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Since the birth of TikTok in September 2016, many people have found their own niches on the platform. This unique formula of TikTok constantly begs the question, “What side of Tik Tok are you on?” Some of us answer with dancing TikTok, others say FoodTok, DisneyTok, or even FrogTok. If there’s one thing the algorithm can do right, it’s get us hooked on videos we never knew we wanted to see but now can’t seem to live without. For me, it’s BookTok accounts.
The Rise of BookTok
For many of us, #BookTok is taking our For You pages by storm. This bibliophilic corner of the internet, which offers videos garnering nostalgia for childhood favorites or promoting new bestsellers, has amassed over 46.6 billion views. According to NPD BookScan, print book sales in 2021 have risen by 9%, reaching a total of 825.7 million – this increase in sales is largely attributed to BookTok.
BookTokers have been able to carve out a creative outlet and point of connection among not only young people but readers everywhere. From bookmakers-turned-authors, to videographers who make our most fantastical dreams come to life, here are NeoReach’s top BookTok accounts on TikTok.
Niches under BookTok often include
- Book Reviewers
- Photographers and other artists
- Writers (of WriterTok/AuthorTok)
Top BookTok Accounts on TikTok
This 24-year-old BookToker makes engaging, thoughtful, and funny videos in front of her beautiful and fully stocked bookshelves. She recently posted her August Wrap-Up (“wrap-up” is bookworm slang for the list of books one has read in a given time). In the video, she says that this month she didn’t read as many books as normal, but it was still a “good month” because she loved the books she did read. Now she’s in a “reading slump” – another slang term for when a book is so good, you don’t know what to read next because nothing else can compare.
This summer, she posted a TikTok to help out her fellow BookTokers – “How to Review Books on BookTok” which has garnered 16.7k views. In this video/ad as a TikTok Partner, Kendra spells out some helpful guidelines for blossoming book reviewers. These guidelines include some common sense rules, such as making sure you actually read the book before you review it, as well as BookTok common courtesy, such as not tagging authors in negative reviews. It is videos like these that led to BookTok earning the name “the last wholesome place” on the Internet.
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Draped in shimmering gold, Maya of @mnmbooks on Instagram and TikTok poses with her favorite Desi books. Maya, a third-year college student based in Atlanta, Georgia, is an advocate for meaningful representation and discussion of books by a diverse array of authors.
Maya says she loves “talking about and advocating for greater access to local libraries, accurate and joyful representation for Black, Indigenous, and people of color (BIPOC), and more diverse bookshelves in school libraries, so students can see themselves and their stories represented in their place of education.” Her BookTok account does just that! She loves “seeing herself” in books and is constantly recommending books by Desi authors, as well as other BIPOC authors.
18-year-old Sophia uses her platform to combine her interests in photography, videography, books, and pop culture. She’s most known for her bookish photography series, where she takes self-portraits dressed up as a demigod from Rick Riordan’s Percy Jackson, Alina Starkov from Leigh Bardugo’s Shadow and Bone, or a troublemaking teen in Netflix’s Stranger Things.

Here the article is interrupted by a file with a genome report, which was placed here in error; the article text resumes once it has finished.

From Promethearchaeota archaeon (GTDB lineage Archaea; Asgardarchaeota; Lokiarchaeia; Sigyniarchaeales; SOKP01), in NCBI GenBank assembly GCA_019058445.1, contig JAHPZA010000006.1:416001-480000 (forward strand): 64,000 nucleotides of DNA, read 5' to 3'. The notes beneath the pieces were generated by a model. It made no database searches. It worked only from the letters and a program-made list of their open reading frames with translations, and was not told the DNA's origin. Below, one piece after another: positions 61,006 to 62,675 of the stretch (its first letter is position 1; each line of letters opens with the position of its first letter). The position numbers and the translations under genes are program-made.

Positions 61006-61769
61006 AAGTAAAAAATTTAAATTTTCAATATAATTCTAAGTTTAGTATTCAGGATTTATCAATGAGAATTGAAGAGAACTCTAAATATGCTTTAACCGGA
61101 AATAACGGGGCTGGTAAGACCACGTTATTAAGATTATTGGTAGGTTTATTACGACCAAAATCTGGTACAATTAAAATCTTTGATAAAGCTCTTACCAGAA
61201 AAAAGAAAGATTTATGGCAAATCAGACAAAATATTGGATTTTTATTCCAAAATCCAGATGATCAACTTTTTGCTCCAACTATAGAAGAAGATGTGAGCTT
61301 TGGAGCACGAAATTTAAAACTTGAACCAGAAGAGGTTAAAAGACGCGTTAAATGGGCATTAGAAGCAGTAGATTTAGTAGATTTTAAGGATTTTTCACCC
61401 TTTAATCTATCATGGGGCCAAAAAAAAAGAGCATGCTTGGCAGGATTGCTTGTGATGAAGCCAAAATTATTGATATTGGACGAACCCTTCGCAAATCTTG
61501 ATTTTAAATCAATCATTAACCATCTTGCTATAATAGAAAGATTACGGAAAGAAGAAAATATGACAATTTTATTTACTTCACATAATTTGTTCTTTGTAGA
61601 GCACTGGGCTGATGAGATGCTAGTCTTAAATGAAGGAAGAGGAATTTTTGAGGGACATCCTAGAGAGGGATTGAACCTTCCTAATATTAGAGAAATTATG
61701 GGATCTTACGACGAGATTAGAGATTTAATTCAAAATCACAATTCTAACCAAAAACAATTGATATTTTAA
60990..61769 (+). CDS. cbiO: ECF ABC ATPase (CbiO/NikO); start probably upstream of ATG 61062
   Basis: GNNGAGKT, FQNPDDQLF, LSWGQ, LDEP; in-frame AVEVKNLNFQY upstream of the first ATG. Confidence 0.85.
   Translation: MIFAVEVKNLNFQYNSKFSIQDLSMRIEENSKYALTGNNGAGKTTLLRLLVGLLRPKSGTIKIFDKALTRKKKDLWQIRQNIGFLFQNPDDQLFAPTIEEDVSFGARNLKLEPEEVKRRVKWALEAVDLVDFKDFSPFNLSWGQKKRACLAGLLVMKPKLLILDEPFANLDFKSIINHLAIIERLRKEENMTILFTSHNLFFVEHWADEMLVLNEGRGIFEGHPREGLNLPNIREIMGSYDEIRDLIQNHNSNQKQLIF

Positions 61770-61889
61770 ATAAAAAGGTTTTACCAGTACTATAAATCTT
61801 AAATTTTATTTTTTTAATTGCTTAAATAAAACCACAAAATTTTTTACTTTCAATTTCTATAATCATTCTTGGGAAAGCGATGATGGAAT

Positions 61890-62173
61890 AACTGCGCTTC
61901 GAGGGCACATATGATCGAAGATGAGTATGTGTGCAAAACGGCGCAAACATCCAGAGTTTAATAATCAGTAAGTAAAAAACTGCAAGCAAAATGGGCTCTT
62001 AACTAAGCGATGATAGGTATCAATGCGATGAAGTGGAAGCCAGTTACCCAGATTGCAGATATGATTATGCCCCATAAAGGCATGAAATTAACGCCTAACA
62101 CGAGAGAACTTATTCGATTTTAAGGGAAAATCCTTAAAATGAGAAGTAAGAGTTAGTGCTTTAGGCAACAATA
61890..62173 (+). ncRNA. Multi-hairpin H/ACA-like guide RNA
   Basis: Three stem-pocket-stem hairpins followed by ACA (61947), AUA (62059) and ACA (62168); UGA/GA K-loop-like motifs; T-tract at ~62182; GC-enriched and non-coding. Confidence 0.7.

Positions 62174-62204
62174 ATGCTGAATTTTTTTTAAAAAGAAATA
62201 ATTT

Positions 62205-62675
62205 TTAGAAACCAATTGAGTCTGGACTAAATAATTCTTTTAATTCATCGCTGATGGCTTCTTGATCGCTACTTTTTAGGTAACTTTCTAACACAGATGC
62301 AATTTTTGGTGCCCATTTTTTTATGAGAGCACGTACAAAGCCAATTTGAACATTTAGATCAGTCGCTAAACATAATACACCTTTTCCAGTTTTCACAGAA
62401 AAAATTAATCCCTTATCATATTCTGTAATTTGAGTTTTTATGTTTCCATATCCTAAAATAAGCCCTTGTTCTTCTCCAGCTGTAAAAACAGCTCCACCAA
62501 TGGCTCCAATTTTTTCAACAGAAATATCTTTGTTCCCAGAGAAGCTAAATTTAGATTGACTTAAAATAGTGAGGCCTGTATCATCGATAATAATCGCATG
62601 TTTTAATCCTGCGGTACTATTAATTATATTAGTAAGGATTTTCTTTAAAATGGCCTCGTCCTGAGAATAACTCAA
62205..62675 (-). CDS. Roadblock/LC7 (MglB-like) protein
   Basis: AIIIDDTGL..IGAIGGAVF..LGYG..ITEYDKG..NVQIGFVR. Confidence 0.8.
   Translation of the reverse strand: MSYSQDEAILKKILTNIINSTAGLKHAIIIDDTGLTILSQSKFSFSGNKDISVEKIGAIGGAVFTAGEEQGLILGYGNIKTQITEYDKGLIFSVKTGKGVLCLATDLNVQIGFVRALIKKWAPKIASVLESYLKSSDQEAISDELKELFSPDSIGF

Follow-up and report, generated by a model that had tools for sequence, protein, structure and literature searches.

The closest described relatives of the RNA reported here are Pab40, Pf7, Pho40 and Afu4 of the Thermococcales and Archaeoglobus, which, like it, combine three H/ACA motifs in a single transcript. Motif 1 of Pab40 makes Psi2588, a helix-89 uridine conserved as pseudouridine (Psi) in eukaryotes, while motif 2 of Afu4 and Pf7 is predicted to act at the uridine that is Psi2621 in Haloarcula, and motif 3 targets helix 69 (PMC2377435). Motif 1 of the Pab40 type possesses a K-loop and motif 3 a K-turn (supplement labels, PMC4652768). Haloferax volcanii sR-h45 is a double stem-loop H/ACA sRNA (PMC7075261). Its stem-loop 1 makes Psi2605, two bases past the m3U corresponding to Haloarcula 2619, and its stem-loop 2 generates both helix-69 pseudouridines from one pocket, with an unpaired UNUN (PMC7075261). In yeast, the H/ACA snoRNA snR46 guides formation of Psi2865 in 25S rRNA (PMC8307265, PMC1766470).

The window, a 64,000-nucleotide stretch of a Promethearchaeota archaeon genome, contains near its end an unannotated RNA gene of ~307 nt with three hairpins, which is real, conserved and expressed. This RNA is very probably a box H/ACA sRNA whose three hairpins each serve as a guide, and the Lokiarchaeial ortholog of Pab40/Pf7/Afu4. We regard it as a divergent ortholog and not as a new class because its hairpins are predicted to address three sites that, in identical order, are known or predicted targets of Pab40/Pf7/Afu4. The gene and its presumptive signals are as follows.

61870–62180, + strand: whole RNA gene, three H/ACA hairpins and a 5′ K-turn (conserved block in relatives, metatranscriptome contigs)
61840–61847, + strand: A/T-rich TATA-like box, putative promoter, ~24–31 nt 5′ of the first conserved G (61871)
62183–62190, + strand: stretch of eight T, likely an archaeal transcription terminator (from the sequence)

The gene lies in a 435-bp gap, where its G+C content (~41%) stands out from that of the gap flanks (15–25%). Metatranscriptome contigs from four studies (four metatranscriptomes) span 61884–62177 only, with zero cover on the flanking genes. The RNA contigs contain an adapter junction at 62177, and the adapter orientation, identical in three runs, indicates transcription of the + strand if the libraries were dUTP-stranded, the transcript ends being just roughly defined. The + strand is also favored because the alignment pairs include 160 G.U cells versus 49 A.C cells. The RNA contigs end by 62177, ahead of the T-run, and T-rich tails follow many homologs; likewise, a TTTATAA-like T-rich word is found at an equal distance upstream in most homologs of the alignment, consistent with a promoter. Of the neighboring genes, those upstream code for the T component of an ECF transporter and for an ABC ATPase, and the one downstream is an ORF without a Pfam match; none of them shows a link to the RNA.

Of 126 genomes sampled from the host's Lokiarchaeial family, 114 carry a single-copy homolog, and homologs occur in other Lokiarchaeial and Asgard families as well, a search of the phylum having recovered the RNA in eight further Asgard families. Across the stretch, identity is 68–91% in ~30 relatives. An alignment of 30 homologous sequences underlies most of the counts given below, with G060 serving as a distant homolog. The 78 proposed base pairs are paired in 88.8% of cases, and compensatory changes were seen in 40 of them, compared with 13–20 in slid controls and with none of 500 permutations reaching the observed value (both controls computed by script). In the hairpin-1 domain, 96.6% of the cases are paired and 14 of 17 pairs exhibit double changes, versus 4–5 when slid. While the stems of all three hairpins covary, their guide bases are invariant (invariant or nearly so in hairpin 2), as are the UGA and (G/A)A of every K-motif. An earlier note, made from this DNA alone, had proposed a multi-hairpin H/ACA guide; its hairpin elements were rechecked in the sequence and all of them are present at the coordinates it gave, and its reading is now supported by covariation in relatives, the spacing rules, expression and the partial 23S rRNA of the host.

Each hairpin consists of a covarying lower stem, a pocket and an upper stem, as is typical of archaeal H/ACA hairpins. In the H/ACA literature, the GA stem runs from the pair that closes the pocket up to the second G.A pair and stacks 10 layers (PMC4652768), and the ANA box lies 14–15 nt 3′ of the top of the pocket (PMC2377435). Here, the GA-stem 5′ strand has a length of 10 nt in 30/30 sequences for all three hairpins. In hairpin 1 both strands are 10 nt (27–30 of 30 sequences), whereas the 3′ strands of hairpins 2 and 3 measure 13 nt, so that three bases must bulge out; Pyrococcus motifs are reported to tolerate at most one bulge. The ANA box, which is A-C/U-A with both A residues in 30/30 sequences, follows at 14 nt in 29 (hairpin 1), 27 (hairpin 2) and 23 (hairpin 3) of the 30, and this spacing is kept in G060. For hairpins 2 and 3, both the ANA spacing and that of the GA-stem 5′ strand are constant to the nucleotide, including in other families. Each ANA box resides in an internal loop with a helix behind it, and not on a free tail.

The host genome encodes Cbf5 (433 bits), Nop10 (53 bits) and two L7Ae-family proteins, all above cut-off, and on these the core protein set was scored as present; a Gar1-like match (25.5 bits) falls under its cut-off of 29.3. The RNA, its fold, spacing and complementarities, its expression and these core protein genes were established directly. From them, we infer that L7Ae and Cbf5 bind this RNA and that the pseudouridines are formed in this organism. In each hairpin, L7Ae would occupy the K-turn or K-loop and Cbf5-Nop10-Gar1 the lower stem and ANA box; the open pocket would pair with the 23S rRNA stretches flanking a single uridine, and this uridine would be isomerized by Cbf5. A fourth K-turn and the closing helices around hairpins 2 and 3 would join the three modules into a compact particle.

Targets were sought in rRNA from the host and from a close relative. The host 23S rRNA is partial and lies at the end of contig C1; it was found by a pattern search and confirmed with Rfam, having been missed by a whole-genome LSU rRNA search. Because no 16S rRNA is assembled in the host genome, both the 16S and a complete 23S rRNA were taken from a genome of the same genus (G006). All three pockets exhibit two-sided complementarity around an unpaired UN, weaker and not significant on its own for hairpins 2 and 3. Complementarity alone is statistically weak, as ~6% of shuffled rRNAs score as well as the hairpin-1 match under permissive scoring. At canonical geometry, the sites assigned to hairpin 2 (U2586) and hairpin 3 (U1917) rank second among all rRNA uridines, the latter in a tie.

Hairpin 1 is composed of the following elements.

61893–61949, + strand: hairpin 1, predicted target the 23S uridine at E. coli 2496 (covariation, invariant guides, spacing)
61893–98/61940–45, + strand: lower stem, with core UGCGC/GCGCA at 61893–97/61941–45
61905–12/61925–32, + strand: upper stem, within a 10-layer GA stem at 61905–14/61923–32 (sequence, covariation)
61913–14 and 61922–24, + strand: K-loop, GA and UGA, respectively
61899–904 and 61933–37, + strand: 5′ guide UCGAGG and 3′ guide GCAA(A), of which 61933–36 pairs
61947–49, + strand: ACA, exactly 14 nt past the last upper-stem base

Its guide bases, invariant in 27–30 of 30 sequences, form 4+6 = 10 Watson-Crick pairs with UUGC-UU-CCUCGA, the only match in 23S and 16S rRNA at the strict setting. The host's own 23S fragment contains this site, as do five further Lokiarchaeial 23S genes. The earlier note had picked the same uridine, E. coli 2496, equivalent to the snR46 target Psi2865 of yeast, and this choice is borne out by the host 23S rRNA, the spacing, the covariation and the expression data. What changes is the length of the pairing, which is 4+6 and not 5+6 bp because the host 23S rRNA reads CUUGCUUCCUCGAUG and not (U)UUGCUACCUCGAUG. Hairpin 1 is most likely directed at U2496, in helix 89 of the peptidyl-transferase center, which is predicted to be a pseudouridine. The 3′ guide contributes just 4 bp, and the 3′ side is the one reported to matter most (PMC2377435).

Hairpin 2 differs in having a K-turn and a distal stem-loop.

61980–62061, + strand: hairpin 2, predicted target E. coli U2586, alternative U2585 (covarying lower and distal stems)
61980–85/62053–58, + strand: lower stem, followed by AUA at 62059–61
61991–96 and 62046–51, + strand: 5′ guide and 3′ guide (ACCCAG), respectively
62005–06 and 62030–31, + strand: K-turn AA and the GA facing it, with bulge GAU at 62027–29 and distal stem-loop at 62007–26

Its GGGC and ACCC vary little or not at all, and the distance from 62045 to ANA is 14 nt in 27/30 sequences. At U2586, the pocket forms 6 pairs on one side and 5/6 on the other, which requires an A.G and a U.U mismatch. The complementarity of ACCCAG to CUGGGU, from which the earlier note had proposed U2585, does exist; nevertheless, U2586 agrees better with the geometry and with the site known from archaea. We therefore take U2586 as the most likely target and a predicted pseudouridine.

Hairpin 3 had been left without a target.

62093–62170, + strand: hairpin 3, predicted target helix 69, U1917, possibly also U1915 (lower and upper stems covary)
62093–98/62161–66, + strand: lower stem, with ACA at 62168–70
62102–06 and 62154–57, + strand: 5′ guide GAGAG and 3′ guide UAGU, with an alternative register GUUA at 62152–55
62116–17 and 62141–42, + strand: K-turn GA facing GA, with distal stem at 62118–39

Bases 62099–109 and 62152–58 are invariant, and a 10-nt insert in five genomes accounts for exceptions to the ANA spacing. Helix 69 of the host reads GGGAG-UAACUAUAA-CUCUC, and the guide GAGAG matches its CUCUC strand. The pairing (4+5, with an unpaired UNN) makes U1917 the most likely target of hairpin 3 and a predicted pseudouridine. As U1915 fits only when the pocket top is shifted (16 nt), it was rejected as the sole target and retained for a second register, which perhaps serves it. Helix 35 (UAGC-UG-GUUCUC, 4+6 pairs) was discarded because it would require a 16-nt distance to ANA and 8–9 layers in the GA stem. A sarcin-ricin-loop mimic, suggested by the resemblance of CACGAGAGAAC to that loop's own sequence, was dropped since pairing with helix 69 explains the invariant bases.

Her creative and comforting content appeals to both BookTok’s nostalgia and its sense of adventure. Her Percy Jackson & the Olympians content especially appeals to the Gen Z and Millennial masses. The middle-grade fantasy series famously had two failed book-to-movie adaptations, leaving those kids-turned-adults who grew up with the books very few visualizations of their favorite characters. When her audience sees Sophia running around the forest in a Camp Half-Blood t-shirt, they see a young woman living out their own childhood dreams.
Sophia’s skill at capturing the essence of a book into a living, breathing video or photo is what makes her content incredibly loved by her 41.6k followers.
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Lancali has taken BookTok and its sub-genre, WriterTok, by storm as a BookToker-turned-author. She recently used TikTok to promote her recently published book I Fell in Love with Hope which, after going semi-viral, sold out 12,000 copies in two weeks.
Lancali uses her BookTok account to continue promoting her book. She’s most known for her series of videos where her readers send in pictures of them crying – the book is a tragedy, and she markets it as just that. Readers also send in quotes that made them cry, such as, “Just because the stars fell doesn’t mean they weren’t worth wishing on.” Lancali’s haunting words remain steadfast on the screen as the images behind them flash by quickly, portraying the ambiance of the book in just a few seconds.
She describes her book as “five friends coming to terms with their impending deaths.” The novel is based on Lancali’s experiences with chronic illness, hospitalization, and other events in her life, including her time with a beloved friend who has since passed away. Her social media surrounding the book – from promotions to writing tips to time lapses of her signing dozens of copies – is a heartbreaking love letter to her readers and fans.
Looking for more content by LGBT creators? Here are NeoReach’s Top LGBT Creators.